Our Quest for Freedom and other essays

When one constantly decries the state of the modern world and calls for the founding of a free and healthy organic society, it is inevitable that readers are going to ask how exactly this might happen.

The answer is a complex one and, in many ways, has been the subject of everything I have ever written.

But in the opening essay of my new 2024 book Our Quest for Freedom, I present my thinking on the issue in the space of a mere 35 pages.

In his preface to the work, W.D. James focuses on one key aspect of my writing when he says: “The human spirit, and the larger cosmic spirit of which it forms a part or in which it participates, has largely been absent in serious recent discourse. Cudenec is helping to correct that omission.

“Cudenec presents the ‘quest’ in heroic and spiritual terms. It is the quest for the ‘grail’; that being the power to become what we are meant to be. That will take action. Not just utilitarian, calculating action. Action infused with spirit. In the concluding dialogue he calls for a ‘political-spiritual revolt’.

”In the title essay he teaches: ‘Your purpose is to play your part in the uprising against evil’. Against what he also calls ‘the death-entity’. In doing such, he accurately recognizes the nature of our situation. It is not merely against oligarchs and tyrants that we struggle but against what we should properly term dark spiritual forces.

“Cudenec, like a prophet, calls for us to become spirit rebels. In doing such, he situates himself in the radical tradition of Marguerite Porete, Thomas Müntzer, and Gerrard Winstanley. The return of the (human) spirit is what the times are calling for”.

In the new piece, I suggest that we might reach a free future by means of a number of interrelated stages: Realising; Remembering; Yearning; Exposing; Explaining; Proposing; Meaning; Motivating; Becoming; Inspiring; Preparing; Boycotting; Building and Defending.

There are hints at the answers I propose there in the other essays featured in this compilation, of course.

In 1984/2024 – The Hidden Hope in Orwell’s Warning, I write, for instance: “It’s up to us to draw inspiration from our ancestral memory of natural order, to see through the system’s lies, to band together in small groups and form knots of resistance that will keep the tattered flag of freedom flying proudly in the years to come.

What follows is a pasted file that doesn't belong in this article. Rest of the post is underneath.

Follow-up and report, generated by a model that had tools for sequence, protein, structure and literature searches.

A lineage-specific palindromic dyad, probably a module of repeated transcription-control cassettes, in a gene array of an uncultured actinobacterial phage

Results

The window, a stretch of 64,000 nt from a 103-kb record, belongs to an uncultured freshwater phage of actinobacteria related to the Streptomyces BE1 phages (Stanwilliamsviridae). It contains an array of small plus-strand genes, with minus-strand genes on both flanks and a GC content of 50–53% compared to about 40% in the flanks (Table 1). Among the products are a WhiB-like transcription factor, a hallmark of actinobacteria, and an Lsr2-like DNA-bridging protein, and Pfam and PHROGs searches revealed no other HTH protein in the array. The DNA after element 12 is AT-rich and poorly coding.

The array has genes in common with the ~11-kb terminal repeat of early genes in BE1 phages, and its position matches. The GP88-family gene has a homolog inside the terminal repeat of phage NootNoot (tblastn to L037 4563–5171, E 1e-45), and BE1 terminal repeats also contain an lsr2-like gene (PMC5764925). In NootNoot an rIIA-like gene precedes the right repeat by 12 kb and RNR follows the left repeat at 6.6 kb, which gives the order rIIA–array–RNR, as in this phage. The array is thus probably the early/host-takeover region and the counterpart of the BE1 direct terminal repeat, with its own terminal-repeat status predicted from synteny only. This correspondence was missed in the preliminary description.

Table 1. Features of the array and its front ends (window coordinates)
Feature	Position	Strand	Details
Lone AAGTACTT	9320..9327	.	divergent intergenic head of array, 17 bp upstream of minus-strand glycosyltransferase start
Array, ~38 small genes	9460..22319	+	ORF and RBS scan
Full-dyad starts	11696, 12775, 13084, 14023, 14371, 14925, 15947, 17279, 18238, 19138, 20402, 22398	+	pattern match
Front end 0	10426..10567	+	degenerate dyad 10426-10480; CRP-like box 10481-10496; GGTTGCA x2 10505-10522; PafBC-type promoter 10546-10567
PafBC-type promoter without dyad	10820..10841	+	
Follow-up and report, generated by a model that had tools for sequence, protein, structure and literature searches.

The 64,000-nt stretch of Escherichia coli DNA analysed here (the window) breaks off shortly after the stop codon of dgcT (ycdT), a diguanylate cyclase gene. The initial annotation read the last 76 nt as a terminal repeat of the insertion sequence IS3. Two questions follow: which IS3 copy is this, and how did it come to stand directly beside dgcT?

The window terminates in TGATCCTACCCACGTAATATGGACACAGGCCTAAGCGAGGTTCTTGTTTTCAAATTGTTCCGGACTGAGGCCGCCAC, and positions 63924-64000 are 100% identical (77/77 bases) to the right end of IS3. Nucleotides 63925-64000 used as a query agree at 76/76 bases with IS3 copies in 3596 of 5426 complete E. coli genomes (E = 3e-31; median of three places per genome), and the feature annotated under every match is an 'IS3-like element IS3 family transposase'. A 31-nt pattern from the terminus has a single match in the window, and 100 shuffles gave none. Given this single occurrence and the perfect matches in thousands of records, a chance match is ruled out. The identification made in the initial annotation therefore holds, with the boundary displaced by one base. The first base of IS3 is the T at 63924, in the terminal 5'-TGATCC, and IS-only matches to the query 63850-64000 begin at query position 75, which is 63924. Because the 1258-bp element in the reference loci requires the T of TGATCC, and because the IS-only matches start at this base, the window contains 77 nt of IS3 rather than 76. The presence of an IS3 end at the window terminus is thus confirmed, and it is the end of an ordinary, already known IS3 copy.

“We have to do so without any hope that victory will necessarily be achieved in our lifetimes, but must simply aim to do all that is needed in order that, in Orwell’s words, ‘the next generation can carry on where we leave off’”.

And I conclude Wisdom Natural and Divine by stating: “This deliberate and self-interested cancelling of age-old knowing and understanding, and of the deep sense of morality innate to our species, has to be ended and then reversed.

“Humankind needs to again pay heed to the voices of the birds, the animals and the green trees of Paradise; to return home to nature; to become once more a simple hair in the locks of our divine and infinitely wise Friend”.

I also spell out my personal vision quite clearly in Resisting Global Tyranny: Nationalism, Religion and the Golden Chain of Tradition: “Free peoples, close to nature, living simply, peacefully, honestly and humbly; cherishing their own specific traditions and cultures and yet understanding the bigger picture of their belonging to greater human, natural and cosmic wholes – this is the world that I would like the children of tomorrow to inherit”.

In the next essay, A Yearning With No Name, I muse on the difficulty of trying to set out a philosophical position using the language of a system that has declared that this particular political position does not even exist!

I add: “The forbidden point of view that the system tries so hard to hide is, at its core, nothing less than common sense, the natural inclination of humankind”.

Long-term optimism is voiced in A Matter of Life and Death, in which I identify “a long-awaited turning of the tide which will eventually see the energy of life and goodness restored to its rightful place at the centre of human existence”.